Winter time ushers in cold weather along with the dreaded cold and flu season. Parents often worry about children getting sick or injured while playing outside in the cold and by being exposed to the germs that seem to run rampant this time of year.
Here are some tips for keeping your child healthy and safe when old man winter settles in for a seasonal visit.
While kids may protest about being bundled in heavy coats and boots, these items are essential for any type of winter outdoor play or activity.
Wearing several thin layers with a winter coat is probably the most comfortable and should keep them warm and dry. Always include a hat, mittens or gloves and snow boots. Thermal gloves or mittens are waterproof and will keep hands drier.
Limit Play Time According to Temperature
The windchill factor plays an important role in whether it’s safe to play outside and for how long. According to Parenting.com, 30 degrees F and higher is the safest play temperature for 40 minute intervals with indoor breaks. For 20-30 degrees F, exercise caution and take indoor breaks every 20 to 30 minutes and if it’s below 20 degrees stay inside.
You want to avoid dangerous overexposure to the cold by underdressing or kids getting wet in the cold which can lead to hypothermia and frostbite. Check children frequently for signs of shivering accompanied by lethargy, clumsiness and slurred speech. These signs can indicate hypothermia and if you suspect it, call 911.
Likewise, complaints of numb and burning skin or pale, gray and blistered skin on fingers, toes, ears and nose can indicate frostbite. If it occurs, put frostbitten areas in warm (not hot) water.
The American Academy of Pediatrics recommends 104 degree F water and using warm washcloths on a frostbitten nose, ears or lips. They also advise not to rub frozen areas and drying and covering the child with clothing or blankets and giving a warm drink.
Bathing children regularly promotes good health, as does frequent, proper hand washing. Cold weather doesn’t spread germs. However, being in school close to other coughing, sneezing children will expose them.
Teach kids to sneeze into the inside of their bent elbow and demonstrate proper hand-washing techniques by doing your own first and then watch them wash theirs and advise them what they’re doing right and wrong.
Proper washing includes using warm water and scrubbing all of the surfaces of your hands including your wrists, palms, between your fingers, the tops of your hands and fingers and underneath your fingernails for at least 20 seconds. Using alcohol-based hand sanitizer is fine when soap and water isn’t available.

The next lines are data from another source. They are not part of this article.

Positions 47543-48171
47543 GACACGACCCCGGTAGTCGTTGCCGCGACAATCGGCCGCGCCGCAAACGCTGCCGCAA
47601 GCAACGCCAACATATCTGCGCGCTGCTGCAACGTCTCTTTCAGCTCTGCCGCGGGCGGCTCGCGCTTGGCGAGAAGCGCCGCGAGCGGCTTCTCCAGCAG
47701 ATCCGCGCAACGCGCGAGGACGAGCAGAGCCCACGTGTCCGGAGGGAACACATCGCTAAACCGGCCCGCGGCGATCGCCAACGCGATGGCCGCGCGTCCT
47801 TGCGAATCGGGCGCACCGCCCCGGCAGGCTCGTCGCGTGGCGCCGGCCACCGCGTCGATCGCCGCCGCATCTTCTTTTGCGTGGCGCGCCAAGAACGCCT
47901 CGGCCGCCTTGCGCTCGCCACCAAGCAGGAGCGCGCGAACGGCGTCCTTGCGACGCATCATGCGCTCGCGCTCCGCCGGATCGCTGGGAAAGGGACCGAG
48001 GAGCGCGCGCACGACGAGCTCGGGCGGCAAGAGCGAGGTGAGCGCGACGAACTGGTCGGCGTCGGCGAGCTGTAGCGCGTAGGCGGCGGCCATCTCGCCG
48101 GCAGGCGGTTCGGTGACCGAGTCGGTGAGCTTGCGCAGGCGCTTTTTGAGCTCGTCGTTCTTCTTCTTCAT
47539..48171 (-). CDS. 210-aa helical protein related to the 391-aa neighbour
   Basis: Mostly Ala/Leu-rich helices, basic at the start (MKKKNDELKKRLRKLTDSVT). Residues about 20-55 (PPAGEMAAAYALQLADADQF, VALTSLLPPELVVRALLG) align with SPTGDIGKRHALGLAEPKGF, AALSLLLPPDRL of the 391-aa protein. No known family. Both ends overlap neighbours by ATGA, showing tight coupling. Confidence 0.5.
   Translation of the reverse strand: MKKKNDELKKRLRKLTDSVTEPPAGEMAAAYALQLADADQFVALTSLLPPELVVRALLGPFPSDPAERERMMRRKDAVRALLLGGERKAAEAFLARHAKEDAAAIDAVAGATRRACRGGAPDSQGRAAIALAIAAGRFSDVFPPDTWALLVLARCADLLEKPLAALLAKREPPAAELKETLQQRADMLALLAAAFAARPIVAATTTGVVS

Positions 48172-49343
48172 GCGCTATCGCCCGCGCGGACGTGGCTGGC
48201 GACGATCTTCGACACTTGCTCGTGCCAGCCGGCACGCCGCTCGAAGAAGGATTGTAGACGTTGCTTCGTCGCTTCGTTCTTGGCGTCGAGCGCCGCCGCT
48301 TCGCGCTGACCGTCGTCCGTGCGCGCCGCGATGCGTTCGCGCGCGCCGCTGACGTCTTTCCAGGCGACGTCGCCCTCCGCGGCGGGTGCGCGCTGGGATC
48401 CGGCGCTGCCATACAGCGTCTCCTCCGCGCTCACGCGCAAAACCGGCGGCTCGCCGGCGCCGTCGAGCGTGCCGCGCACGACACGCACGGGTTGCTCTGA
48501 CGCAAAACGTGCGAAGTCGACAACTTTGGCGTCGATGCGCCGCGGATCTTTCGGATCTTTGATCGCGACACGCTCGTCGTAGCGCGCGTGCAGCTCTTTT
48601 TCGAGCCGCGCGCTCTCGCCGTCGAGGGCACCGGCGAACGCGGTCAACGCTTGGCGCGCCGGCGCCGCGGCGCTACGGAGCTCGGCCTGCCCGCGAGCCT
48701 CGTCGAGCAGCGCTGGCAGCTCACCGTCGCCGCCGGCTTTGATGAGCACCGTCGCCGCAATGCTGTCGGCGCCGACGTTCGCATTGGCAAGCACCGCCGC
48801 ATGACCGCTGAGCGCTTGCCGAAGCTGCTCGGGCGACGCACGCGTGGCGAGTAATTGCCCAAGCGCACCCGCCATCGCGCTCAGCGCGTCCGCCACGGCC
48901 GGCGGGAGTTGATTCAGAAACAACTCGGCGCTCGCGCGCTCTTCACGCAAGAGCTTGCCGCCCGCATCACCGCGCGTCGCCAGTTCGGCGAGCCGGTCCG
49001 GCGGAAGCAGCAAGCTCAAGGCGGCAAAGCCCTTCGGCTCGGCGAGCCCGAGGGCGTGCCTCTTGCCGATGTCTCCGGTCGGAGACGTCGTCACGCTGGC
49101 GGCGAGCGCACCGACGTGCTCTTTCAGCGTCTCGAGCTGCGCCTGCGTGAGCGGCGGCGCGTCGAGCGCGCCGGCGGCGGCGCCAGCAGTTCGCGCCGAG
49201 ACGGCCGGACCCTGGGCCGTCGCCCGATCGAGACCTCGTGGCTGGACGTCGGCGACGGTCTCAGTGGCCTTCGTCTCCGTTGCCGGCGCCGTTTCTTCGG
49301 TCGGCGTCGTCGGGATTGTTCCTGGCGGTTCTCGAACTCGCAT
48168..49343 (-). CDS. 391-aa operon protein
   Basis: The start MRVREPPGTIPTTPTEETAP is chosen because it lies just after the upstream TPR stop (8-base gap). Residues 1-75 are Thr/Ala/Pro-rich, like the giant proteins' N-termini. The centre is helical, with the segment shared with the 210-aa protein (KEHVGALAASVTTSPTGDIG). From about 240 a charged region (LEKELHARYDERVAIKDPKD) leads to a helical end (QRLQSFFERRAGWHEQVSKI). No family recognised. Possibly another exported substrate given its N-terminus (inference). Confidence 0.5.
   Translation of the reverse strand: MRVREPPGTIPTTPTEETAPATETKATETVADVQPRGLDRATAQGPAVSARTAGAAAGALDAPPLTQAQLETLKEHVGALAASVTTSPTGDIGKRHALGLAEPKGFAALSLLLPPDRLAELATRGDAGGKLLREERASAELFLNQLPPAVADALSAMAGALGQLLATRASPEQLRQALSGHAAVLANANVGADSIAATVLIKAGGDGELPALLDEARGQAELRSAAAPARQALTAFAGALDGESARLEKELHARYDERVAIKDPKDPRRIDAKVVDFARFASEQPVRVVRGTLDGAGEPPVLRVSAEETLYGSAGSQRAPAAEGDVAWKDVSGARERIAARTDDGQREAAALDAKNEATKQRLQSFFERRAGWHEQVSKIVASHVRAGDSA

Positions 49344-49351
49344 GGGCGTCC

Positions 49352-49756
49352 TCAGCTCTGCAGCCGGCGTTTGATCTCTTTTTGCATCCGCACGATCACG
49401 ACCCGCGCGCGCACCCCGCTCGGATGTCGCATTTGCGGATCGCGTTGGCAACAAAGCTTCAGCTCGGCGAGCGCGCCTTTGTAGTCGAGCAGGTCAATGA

The Flu Shot
The Centers for Disease Control (CDC) reports that each year, an average of 20,000 children under the age of 5 are hospitalized due to influenza complications. So, they recommend everyone 6 months of age and older get a seasonal flu vaccine. Talk with your child’s pediatrician to answer any questions or concerns you have about the shot or to schedule an appointment to get one.
Winter Sports Safety
Kids of all ages love winter sports and staying active over the winter is another way to promote good health. However, make sure your kids use proper precautions while participating.
First of all, dress warmly for any outdoor winter sport, as detailed above. Be sure they wear proper safety equipment, including a winter sports helmet for almost any sport including ice skating, skiing, snowboarding and sledding. Elbow and knee pads are also recommended for ice skating.
Sports like skiing and snowboarding should be taught by a qualified kid’s instructor. Doing a quick Google search should pull up some names of qualified instructors in your area. Adults should always supervise young children in any winter sport and ice should be approved for skating. Look for posted signs or contact the police to see which areas are approved.
Furthermore, any winter sports equipment should properly fit your child and adult supervision should coincide with your child’s age, skill and maturity.
The American Academy of Pediatrics recommends that children under age 16 not operate snowmobiles and that children under age 6 never ride on snowmobiles. They also advise traveling at safe speeds, never alone, with a proper helmet and safety googles.
Note: These are just general guidelines. If you’re unsure of safety requirements for a specific winter sport, contact a qualified instructor, conduct a Google search for safety tips on the appropriate sport, consult books at the local library or try a sporting goods safety equipment retailer.
House fires from heaters, fireplaces, Christmas lights, candles and other flammable items happen during the winter. Therefore, make sure the batteries in your smoke alarms are working and have them installed throughout your hand install a carbon monoxide detector. Also have a household fire extinguisher and get familiar with how to use it.
Most importantly, have an evacuation plan in place in case of a fire and practice fire drills frequently.